Malnutrition is an epidemic and is being put on the world’s stage. In late November, the United Nations help a conference to “eradicate malnutrition”. This event was attended by leaders from over 170 countries.
Nothing else is more important to both societal and individual advancement than education. Citizens that can read, think critically, and learn special skills (such as trades) have better economic opportunity, healthier children, contribute more to society, and have better overall health.
In the U.S., much still needs to be done regarding the affordability of college and student loan debt. The fact still remains, however, that most people have at least a high school education – specifically, basic reading, writing, and math skills.
As with nearly everything else on this list, education is not very accessible in unindustrialized countries. This is mostly due to a lack of both funding and the number of educators. Supplies that are easily accessed by citizens of other countries – pens, paper, folders, etc. – are in very short supply in poorer countries.
If you’re reading this in the comfort of your own home, you have shelter (even if you are dreading writing that monthly check!).
In all seriousness, there are many people – including in the U.S., which should be considered unacceptable – that do not have a roof over their head or an ability to sleep in a bed at night. If developed countries have a problem with homelessness, imagine the conditions in the poorer areas of the world. Huts, shacks, tents, and other makeshift shelters made out of gathered materials are a commonality in these areas. Some sleep on concrete, dirt, or in other unsafe, unsanitary places.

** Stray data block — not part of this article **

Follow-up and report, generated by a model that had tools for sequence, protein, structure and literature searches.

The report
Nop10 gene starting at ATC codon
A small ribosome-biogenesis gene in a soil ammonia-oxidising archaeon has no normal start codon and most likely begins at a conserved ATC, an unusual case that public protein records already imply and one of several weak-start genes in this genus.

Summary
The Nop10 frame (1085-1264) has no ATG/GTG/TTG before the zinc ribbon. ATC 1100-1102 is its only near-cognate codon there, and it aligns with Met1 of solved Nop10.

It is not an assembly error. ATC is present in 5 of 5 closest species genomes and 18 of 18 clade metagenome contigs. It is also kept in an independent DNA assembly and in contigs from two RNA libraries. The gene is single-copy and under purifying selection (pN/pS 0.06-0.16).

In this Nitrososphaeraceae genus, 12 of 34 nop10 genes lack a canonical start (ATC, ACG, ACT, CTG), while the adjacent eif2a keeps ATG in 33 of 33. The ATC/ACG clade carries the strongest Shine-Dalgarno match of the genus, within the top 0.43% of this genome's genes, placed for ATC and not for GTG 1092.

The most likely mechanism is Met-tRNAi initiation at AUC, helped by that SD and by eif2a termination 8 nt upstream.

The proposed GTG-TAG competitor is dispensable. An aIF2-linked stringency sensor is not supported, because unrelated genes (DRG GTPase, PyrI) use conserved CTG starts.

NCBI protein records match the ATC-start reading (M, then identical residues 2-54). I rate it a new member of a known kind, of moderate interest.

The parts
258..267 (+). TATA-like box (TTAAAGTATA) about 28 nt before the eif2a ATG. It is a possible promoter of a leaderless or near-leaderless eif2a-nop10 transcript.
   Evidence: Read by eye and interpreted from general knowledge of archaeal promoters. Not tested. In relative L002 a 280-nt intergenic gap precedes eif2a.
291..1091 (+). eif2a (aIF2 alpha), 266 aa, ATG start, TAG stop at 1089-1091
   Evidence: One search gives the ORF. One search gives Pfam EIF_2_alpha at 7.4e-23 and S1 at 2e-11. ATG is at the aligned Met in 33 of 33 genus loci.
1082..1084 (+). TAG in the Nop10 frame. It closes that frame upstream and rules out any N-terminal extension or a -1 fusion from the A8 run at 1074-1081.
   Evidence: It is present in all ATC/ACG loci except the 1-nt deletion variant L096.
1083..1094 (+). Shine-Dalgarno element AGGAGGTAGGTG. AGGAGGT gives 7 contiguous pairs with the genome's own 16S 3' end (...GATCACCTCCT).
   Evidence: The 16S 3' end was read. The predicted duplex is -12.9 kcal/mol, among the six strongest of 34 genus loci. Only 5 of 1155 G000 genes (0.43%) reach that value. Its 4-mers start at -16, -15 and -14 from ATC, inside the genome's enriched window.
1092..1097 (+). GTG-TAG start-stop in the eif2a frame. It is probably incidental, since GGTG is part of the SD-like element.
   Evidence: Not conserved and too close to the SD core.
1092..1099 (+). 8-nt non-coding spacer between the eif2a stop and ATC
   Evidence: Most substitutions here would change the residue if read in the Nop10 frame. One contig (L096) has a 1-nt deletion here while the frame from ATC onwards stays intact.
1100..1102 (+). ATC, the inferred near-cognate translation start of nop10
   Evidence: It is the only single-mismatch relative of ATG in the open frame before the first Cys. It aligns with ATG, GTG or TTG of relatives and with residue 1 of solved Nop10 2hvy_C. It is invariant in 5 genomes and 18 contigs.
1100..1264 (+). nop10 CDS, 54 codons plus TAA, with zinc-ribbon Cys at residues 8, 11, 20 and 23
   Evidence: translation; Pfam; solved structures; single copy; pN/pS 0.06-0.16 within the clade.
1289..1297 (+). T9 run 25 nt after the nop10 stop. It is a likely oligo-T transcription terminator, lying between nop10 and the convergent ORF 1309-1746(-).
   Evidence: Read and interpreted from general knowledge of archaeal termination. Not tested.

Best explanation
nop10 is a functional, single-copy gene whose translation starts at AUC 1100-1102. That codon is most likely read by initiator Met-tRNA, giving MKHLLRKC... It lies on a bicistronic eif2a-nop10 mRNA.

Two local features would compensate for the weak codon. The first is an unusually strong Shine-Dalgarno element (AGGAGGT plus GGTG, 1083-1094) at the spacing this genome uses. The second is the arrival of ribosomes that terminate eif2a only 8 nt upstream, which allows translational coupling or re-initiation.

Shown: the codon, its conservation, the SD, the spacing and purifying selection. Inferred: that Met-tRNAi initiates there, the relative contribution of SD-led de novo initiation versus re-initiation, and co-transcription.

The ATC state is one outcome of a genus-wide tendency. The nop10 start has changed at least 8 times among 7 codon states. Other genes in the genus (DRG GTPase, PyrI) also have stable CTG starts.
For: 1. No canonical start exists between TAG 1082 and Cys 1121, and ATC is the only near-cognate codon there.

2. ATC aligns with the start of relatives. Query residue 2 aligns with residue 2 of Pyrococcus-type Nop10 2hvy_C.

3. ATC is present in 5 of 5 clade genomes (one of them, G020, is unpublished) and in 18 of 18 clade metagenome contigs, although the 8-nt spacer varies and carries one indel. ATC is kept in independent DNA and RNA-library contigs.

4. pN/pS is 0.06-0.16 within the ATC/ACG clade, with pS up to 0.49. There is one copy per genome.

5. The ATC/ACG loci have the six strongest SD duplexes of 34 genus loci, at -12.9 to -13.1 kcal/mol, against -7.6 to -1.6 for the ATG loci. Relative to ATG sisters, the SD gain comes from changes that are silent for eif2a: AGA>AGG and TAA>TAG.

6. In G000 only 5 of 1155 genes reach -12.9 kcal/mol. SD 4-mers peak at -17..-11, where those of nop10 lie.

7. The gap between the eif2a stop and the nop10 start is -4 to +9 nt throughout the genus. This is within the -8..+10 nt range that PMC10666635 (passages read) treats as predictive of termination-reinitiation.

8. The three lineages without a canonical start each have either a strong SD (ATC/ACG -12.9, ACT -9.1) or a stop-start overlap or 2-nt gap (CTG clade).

It is very difficult to calculate the number of homeless in the world because of the lack of technology and government outreach in many poorer areas of the world, but a conservative estimate from the U.N., which was last calculated in 2005, has an estimate of well over 100 million people. This number is likely much higher due the above mentioned reasons.
Freedom of speech, freedom of religion, freedom of the press, freedom of assembly…these are just four elements of a social construct that most democracies have.
If there is a cause that you want to fight for, you can do so. This is because of the basic rights embedded in documents such as the Constitution, Bill of Rights, or another document that safeguards the basic rights of citizens in a democracy.
Contrast this with other countries with oppressive, overreaching governments such as North Korea and China, just to name a couple. Forced labor, inadequate food supply, no due process, no independent media, no religious freedom, and very limited opportunities for advancement within society are the norm for citizens of totalitarian, oppressive countries.
Freedom of the individual should be a basic human right, but it isn’t in many areas of the world. Women, especially, have it even more difficult than men in many of these places because of the “lower status” that they have been labeled with upon their birth…simply because of their gender. Many women around the world experience forced marriage, abuse, and even reproductive mandates that limit the number of children they can have.
For more information, including on how you can help, please visit www.hrw.org